LONDON (Reuters) – The European Union foresees “stable and balanced” relations with Britain’s financial sector eventually after ground rules for cooperation are agreed next month, its financial services chief said on Thursday.
Britain’s financial sector has been cut off from its biggest export customer, with 8 billion euros in daily share trading moving from London to Amsterdam and Paris after Britain left the EU on Dec. 31.
EU financial services commissioner Mairead McGuinness said Brexit has resulted in a “significant regime change” but forward planning meant no volatility or disruption in financial markets last month.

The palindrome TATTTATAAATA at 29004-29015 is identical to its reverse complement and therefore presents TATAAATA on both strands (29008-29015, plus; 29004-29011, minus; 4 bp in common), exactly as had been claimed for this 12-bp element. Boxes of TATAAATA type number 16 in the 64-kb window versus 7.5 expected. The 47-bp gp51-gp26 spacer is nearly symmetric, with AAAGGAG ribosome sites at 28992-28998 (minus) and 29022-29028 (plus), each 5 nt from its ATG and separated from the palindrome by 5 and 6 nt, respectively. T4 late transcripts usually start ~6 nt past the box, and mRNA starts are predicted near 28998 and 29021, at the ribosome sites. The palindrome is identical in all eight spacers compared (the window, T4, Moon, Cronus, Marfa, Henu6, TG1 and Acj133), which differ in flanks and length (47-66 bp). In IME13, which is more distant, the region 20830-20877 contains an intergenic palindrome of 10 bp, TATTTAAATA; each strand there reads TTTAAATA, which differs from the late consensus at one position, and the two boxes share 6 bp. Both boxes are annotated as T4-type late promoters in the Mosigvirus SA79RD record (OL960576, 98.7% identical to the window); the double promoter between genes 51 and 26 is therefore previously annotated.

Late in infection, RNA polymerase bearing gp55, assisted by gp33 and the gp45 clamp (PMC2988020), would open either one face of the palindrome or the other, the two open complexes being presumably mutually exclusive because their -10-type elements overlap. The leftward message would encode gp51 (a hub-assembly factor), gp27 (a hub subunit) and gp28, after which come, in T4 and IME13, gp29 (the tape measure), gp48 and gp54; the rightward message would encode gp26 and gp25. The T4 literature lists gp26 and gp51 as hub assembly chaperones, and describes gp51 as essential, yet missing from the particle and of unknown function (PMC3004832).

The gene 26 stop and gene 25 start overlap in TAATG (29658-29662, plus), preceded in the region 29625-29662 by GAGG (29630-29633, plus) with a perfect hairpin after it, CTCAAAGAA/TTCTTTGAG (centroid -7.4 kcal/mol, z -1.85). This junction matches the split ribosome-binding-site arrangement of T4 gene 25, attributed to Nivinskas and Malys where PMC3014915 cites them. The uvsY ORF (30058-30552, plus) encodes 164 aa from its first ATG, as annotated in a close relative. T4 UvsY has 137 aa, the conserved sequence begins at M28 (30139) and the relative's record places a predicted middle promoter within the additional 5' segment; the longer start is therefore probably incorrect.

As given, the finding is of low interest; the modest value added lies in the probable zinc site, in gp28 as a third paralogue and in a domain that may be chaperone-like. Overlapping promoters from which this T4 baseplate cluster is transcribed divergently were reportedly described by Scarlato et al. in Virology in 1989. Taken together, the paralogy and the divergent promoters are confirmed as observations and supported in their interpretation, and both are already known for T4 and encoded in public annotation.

The first step in building a new relationship with Britain in financial services will be agreeing a memorandum of understanding on regulatory cooperation, she said.
“We hope to do that by the end of March,” McGuinness told an Irish Universtities online event.
“I hope it will be the same type of arrangement that we have with the U.S… and I am optimistic that over with trust and cooperation, that we will build a stable and balanced relationship with our UK friends.”
EU and U.S. regulators meet several times a year to discuss international developments in regulation and deal with any potential conflicts.
The memorandum, described by a City of London official as no more than a “talking shop”, will not automatically lead to direct EU access for Britain’s financial sector, Brussels has said.
Some UK lawmakers say Britain should not wait for EU access and instead make regulatory changes to boost London’s global competitiveness.
(Reporting by Huw Jones; Editing by Angus MacSwan)